Harry felt a boiling anger rise in his heart. This was his chance to finally battle two of the people who’d each taken someone precious to him. He clenched his wand so tightly that his knuckles turned white. He took a deep breath and tried to remain calm. Although the rage was

still there, he knew he had to be careful this time. He needed to plan this and not simply react to it, or all hope would be lost.

Harry moved into the interior of the cave, pushing Wormtail ahead of him with his wand. The floor was damp and slippery as rivulets of water rushed over his feet, pushed by the incoming tide. He could feel the water quickly soak through his trainers and hoped the squelching sound wouldn’t give them all away. He didn’t want to chance voicing a drying spell.

There was no way to get past Snape and the others unnoticed, but Harry hoped the element of surprise would be on their side.

Wormtail ruined that chance by stomping his foot, causing a loud splash that echoed throughout the chamber. The Death Eaters turned, surprised, before they began firing an assortment of spells.

Harry yanked Wormtail in front of him and slammed him into the wall. He aimed his wand at the nearest Death Eater, who was striding towards him with a malevolent expression on his haggard face, and fired a Stinging Hex straight at the man’s eyes. The Death Eater yelped, slapping his hand over his eye as he began to hop around madly. Harry quickly cast a Stunning spell, dropping him to the ground.

He scanned the cave, taking note of their escape route. He could now count a total of five Death Eaters, including the one he’d just Stunned. Ginny and Hermione were each engaged with other Death Eaters and from what Harry could see, they were doing a fair job of it. His eyes stopped moving when they locked on Snape’s cold black ones.

Snape scowled as he strode into the cave, his cape billowing behind him. “Potter,” he said, sneering. “I might have known it would be you. You’ve always tended to stick your nose where it didn’t belong.”

“And I might have known it’d be you that Voldemort sent to do his dirty work. How does it feel to still be the lackey, Snivellus?” Harry asked through gritted teeth.

Snape’s face screwed up with hate and rage. Raising his wand, he fired several curses in rapid succession. Thanks to his quick Quidditch reflexes, Harry managed to dodge most of them, and he raised a shield in time to block the last one. Wormtail tried to move away from him during this distraction, but Harry’s arm shot out and forced the cowering little man against the cave wall.

“Petrificus Totalis,” Harry snarled, freezing Wormtail where he stood.

“It appears that you’ve yet to learn your lesson about snooping into other people’s private affairs, Potter,” Snape said, his eyes glittering maliciously. “You’re no better than your poor excuse for a father. He never managed to learn his place, either. Of course, we all know where that left him.”

Snarling, Harry allowed his hatred to build as he cast the strongest Bludgeoning Hex he could master. Snape ducked and rolled to the side, but the spell hit another Death Eater who had just entered the cave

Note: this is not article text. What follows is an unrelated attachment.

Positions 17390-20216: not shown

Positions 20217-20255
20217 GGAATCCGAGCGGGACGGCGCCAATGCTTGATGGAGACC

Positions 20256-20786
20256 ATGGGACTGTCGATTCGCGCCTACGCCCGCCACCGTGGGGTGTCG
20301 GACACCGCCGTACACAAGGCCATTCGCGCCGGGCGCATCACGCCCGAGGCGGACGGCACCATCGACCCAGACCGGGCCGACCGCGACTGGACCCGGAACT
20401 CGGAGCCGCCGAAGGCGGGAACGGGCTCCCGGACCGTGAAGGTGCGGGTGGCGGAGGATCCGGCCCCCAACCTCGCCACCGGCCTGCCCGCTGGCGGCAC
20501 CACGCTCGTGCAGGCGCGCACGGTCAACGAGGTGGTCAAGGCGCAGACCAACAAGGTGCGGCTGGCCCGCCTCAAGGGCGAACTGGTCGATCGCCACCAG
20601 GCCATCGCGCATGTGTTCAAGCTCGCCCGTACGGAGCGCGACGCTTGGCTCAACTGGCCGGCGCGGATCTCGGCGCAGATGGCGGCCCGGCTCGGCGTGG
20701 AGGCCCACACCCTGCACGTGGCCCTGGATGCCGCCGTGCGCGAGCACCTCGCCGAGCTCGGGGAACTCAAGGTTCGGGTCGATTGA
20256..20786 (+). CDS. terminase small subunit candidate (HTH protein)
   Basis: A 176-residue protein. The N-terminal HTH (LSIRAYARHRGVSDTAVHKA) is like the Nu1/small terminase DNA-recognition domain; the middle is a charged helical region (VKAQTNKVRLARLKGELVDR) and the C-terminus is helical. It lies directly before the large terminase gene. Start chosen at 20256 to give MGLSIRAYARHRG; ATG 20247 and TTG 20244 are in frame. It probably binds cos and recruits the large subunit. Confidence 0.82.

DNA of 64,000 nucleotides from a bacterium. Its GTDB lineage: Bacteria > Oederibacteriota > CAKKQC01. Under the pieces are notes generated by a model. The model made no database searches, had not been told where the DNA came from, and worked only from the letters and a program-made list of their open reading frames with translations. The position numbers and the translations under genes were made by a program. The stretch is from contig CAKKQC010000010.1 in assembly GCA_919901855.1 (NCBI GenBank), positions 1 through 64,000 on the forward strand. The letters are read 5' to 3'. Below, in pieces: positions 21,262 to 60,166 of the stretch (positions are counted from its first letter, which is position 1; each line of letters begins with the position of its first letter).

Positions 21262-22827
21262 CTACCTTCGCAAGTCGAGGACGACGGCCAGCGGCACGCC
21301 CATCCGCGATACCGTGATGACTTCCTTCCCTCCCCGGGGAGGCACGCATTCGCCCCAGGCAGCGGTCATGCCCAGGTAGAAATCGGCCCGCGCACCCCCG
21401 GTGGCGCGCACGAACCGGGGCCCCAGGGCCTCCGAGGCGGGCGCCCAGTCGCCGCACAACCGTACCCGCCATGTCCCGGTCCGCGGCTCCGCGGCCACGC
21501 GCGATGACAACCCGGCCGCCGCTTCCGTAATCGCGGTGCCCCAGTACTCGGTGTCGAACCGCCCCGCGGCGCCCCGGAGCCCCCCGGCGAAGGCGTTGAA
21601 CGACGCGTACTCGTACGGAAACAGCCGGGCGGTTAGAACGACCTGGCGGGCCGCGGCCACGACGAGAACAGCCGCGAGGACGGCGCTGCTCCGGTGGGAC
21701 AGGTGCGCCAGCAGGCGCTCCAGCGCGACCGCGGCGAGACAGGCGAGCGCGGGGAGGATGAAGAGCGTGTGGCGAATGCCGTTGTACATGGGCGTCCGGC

behind them. The man screamed in agony as his body was hurled through the air and plunged into the sea below.

Ignoring the interruption, Harry again tried to curse Snape. He first fired a Stunner and then a Cutting Spell as his anger grew. Snape continued to evade Harry’s curses, easily anticipating Harry’s every move.

“Sectumsempra,” Harry bellowed, but still Snape cast his shield in time.

“You’ll never be a true match for me until you learn to close off your mind, Potter. Obviously you’re not disciplined enough to do this,” Snape said, sneering. “Diffindo.”

Harry rolled to the side. His frustration mounted as his curses continued to be deflected. He heard a yelp and turned to see Ginny casting her Bat Bogey Hex at the Death Eater who’d cornered her. In that brief moment of distraction, Snape cast a spell that left a deep gash on Harry’s shoulder. It felt like an invisible whip coiling around his arm, pulling his wand hand forward.

Harry quickly grabbed his wand in his other hand and moved behind a rock, taking cover. Panting with exertion, he could hear the sound of spells being cast around him and knew the others were still on their feet.

He rounded the rock in time to see Snape attempting to move towards him.

“Relashio,” he shouted, sending an array of sparks towards Snape and forcing him to retreat. Harry fired a volley of spells as he slowly began to move forward. Snape managed to deflect the curses, but he was forced to take cover himself.

In the meantime, Hermione had managed to subdue her assailant. She ran towards Harry and crouched beside him, quickly casting a Healing Charm on his shoulder.

“Hermione, take Wormtail. There’s enough of an opening that you can get past if I keep Snape busy,” Harry said in a hushed whisper.

“Harry-”

“Just do it, Hermione,” he snapped, determined that they were taking Wormtail with them. “Sirius is going to finally be cleared for what Wormtail did, so help me.”

“Okay, Harry,” she said, nodding resolutely.

Hermione removed the spell from Wormtail and, using her wand, made him walk in front of her as a shield. Snape had no problem firing at Wormtail, however, and he Stunned him before aiming at Hermione.